No one is sure how the market got its name, with earlier versions including Blynesgate and Byllynsgate. Perhaps the name comes from a water gate at the south side of the City where goods came in, thought to have been owned by a man named ‘Biling,’ or perhaps the name came from King Belin, who ruled 400 years before the Common Era.

But Billingsgate, as it became known, grew with London, becoming an integral part of its culture and existence. In 1327, Edward III signed a charter that prohibited the setting up of rival markets within 6.6 miles of the City of London, a distance chosen as the reasonable length a person could be expected to walk to market, sell their produce and return in a single day.

Roughly 80 years later, King Henry IV granted the right for citizens to collect tolls and customs at Billingsgate, Cheap and Smithfield. The market sold everything: Corn, coal, iron, wine, salt, pottery, and whatever else people could trade, before becoming increasingly associated with fish as the 16th century dawned.

Old Billingsgate, 1876
Old Billingsgate Market in 1876 – Wikimedia Commons/Illustrated London News

A free market

An Act of Parliament was passed in 1699 making Billingsgate “a free and open market for all sorts of fish whatsoever,” with the sole exception being the sale of eels, which was restricted to Dutch fishermen moored in the River Thames. They were granted this privilege due to their help feeding the people of London during the Great Fire of 1666.

As the market grew in import, it became clear that the sheds and stalls crammed around the dock at Billingsgate were insufficient to handle the level of demand. In 1850, the first Billingsgate Market building was constructed on Lower Thames Street by the builder John Jay, but it soon proved too small as well.

In 1873, the structure was demolished and replaced by the building that stands today – designed by Sir Horace Jones, an architect perhaps best known for creating Tower Bridge. Business boomed until 1982, when the fish market moved to the Isle of Dogs.

The architect Richard Rogers was brought in to refurbish the building now known as ‘Old’ Billingsgate, and turn it into a disaster recovery site for a major bank. Then the trouble started.

Old Billingsgate Market
Old Billingsgate Market now – Wikimedia Commons

In a time of increasing terrorism from the IRA, banks were eager to set up recovery areas in case of an attack. Billingsgate was chosen as one such site, but it had crucial structural flaws.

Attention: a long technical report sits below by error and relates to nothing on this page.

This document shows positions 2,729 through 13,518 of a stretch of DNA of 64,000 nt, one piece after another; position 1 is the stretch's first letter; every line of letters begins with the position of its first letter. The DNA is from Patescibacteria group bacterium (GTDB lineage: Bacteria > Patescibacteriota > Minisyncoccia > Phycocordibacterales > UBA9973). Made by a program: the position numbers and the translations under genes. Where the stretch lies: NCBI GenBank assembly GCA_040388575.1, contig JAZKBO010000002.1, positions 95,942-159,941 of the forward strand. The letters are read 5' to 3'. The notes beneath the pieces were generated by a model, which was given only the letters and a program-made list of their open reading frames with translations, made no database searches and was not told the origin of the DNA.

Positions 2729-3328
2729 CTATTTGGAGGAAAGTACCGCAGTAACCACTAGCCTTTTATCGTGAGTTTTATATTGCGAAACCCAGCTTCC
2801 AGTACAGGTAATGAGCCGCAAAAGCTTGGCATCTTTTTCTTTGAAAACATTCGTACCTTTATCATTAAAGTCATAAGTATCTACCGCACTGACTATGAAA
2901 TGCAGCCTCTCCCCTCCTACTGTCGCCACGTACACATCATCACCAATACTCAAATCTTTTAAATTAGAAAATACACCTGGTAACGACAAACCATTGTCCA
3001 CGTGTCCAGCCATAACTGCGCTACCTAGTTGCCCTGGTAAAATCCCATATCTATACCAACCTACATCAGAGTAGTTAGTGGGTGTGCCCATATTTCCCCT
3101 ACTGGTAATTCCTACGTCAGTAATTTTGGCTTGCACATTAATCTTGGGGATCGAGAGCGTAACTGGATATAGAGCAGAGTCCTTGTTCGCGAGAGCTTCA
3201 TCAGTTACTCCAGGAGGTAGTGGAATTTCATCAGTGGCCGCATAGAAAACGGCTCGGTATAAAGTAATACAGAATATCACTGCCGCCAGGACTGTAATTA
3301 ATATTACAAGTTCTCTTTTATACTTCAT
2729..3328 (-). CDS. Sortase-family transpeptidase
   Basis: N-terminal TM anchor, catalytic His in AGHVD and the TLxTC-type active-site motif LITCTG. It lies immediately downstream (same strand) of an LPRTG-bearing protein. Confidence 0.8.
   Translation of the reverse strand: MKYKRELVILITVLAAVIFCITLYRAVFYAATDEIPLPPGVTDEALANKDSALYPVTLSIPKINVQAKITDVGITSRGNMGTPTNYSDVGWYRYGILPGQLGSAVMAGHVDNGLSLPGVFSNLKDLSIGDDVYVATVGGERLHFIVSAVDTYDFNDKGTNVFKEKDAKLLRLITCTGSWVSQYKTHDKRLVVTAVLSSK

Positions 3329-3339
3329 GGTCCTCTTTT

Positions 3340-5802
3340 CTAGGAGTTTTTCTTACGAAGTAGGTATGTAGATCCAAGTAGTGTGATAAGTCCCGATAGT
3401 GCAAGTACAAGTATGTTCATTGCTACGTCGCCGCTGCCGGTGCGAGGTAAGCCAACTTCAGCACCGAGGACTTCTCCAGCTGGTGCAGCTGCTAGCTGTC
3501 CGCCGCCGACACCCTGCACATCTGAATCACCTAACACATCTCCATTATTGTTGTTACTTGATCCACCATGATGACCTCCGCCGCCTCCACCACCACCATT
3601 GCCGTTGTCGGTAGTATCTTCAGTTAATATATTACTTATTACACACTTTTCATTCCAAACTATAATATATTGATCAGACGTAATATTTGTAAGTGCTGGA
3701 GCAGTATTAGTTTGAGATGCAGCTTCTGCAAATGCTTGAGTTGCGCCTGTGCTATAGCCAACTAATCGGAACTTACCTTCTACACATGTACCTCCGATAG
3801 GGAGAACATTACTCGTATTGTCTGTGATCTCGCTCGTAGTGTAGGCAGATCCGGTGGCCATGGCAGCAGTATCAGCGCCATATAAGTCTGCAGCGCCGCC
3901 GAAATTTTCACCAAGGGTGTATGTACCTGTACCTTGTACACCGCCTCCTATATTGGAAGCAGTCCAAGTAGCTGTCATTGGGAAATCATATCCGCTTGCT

The ground floor was converted into a backup trading floor, with the basement set to have UPSs, switch gear and a generator installed for disaster recovery. “But when they came to the basement they saw that it had a big pit in it - the ice pit,” said Professor Ian Bitterlin. At the time, Bitterlin worked as a critical facilities engineer at Anton Piller, with the bank as one of his customers.

“For over 100 years, that was filled with ice. That’s where they dumped the fresh deliveries, that’s where they took the ice out to pack all the fish in when it came off the boats.

“What no one had realized was that for a hundred years, the ice had kept the walls at virtually zero, and the Thames, when the tide is in, is much higher than that pit. So, literally, the ground that surrounded the pit was in a state of permafrost, and that wouldn’t allow the salt water to get into the basement, because the frozen ground actually acted as a barrier for the water, and they had terrible trouble with it at every turn.”

He added: “Every week more water would arrive in the basement as the ground thawed out. So, in the end, they had to pack it - they changed the whole thing.”

John Laban, who worked at BT at the time helping to connect the trading floor, said: “I can remember them talking a lot about this in the planning meetings, about what happens when the permafrost melts. ‘Will the building fall down?’ It was a really significant problem.”

Mike Foskett, who once ran Morgan Stanley’s mission-critical data centers, explained that the permafrost issue could have been anticipated, but it wasn’t: “That’s the major problem. We never learn.” Bitterlin agreed: “Disaster recovery is more a disaster than a recovery.”

And so, Laban said, the recovery site “just sat there for years, until eventually it was purchased for a conference center and they took out all the infrastructure. Now it’s just a big empty space upstairs and downstairs.”

Old Billingsgate is the venue of DCD Zettastructure, an exclusive, end-user focused event that tackles head-on the challenges of provisioning digital infrastructure for the Zettabyte Era. More information here.